The House of Representatives made quick work of the Department of Administration bill, passing it 118-0 after about 10 minutes of debate.
But things are more complicated in the Senate, where a group of conservative Senators are blocking the bill, calling it "reform in name only."
The bill, S.22, would eliminate the state Budget and Control Board and transfer most of its administrative functions to the Department of Administration. It would not allow state agencies to run deficits without approval from the General Assembly. And it would create a new state agency -- the State Fiscal Accountability Authority -- that would control state purchasing and approve when the state borrow money.
But critics -- notably the William Wallace Caucus, a group of far-right state Senators -- say the State Fiscal Accountability Authority is nothing but the Budget and Control Board with a new name. Sen. Shane Martin, R-Spartanburg, is blocking the bill from coming to a vote by refusing to stop speaking about the bill on the Senate floor.
If the Senate does not pass the report by Wednesday night, it would deny Gov. Nikki Haley a key legislative victory to tout in her State of the State address, scheduled for Wednesday night.
Haley has been pushing for the Department of Administration bill during her three years as governor. State Sen. Vincent Sheheen, Haley's Democratic opponent, has been pushing for the bill for about 10 years. Sheheen is the primary sponsor of S.22.
Martin asked to hear what the governor thought and tried to adjourn the senate. He feared the senate would vote on restructuring if he left the floor to speak with Haley.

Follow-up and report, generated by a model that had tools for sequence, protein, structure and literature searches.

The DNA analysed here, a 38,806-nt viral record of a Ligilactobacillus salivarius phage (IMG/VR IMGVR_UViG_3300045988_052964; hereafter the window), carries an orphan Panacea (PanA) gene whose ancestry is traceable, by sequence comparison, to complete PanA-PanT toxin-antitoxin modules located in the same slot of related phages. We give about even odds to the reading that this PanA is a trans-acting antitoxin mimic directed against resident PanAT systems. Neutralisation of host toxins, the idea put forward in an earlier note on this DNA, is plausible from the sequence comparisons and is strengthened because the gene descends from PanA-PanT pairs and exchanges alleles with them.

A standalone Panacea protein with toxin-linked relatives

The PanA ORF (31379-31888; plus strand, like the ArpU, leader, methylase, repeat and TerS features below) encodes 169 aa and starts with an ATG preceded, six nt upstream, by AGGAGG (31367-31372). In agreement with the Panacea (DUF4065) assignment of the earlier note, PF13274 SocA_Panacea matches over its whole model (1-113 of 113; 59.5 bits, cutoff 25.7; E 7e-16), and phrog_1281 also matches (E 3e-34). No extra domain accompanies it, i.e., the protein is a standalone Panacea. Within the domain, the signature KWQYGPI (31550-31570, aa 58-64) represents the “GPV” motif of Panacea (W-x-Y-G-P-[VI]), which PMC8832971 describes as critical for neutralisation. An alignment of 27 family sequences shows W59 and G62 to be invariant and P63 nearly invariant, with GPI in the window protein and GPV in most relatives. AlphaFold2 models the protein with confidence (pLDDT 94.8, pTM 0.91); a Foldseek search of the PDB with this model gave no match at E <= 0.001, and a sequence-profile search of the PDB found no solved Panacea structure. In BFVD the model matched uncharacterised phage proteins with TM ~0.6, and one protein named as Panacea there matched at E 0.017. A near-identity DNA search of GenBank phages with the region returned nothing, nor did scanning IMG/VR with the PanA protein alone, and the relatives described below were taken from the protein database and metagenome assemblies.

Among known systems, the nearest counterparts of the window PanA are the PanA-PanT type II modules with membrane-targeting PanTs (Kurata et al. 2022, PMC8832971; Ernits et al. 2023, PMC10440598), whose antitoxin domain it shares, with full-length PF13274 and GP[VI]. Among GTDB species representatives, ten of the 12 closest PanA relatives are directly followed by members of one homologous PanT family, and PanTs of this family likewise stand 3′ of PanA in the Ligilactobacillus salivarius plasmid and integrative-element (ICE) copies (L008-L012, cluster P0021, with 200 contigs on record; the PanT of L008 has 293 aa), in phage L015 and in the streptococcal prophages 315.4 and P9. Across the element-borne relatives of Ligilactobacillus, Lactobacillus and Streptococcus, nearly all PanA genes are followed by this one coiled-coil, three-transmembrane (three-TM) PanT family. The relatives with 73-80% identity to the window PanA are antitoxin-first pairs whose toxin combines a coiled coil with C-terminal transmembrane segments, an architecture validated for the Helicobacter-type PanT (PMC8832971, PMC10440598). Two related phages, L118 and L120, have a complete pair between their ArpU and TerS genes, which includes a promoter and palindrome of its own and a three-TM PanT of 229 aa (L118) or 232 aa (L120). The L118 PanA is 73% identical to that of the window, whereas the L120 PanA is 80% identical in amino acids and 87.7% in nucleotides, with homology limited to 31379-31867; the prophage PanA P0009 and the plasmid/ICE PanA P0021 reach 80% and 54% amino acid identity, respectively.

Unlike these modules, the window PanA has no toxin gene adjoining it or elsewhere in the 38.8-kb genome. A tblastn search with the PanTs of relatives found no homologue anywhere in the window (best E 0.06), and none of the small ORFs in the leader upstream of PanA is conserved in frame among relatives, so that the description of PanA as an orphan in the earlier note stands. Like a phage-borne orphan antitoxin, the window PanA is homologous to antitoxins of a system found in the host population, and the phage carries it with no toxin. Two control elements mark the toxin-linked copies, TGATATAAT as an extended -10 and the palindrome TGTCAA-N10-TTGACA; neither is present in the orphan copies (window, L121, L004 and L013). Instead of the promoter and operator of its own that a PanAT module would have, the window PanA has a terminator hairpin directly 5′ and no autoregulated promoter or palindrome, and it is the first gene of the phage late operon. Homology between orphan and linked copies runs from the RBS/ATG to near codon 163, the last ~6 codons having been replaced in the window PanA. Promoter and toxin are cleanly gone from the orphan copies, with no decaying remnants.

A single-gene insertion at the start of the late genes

Senators voted to stay in session, but they agreed to recess while Martin, Sen. Tom Corbin, R-Greenville, and Senate Majority Leader Harvey Peeler, R-Cherokee, met with Haley in her office.
After their 20-minute meeting, Martin thanked Haley for talking with home "on a personal level" and ended his blocking of the bill.
The Senate voted 39-4 in favor of the government restructuring measure.
Martin, who said a bill that could nullify portions of the Affordable Care Act was a bigger priority, was among dissenting votes.
Haley and Sheheen both claimed victory.
"Carroll Campbell is smiling today as the House and Senate passed the biggest piece of government reform since he was governor almost 20 years ago," Haley posted on Facebook. "South Carolina is showing the world that we are no longer in the dark ages!"
Sheheen tweeted, "We’ve built a bipartisan coalition around my bill to overhaul state govt & increase accountability. Today it finally passed the legislature."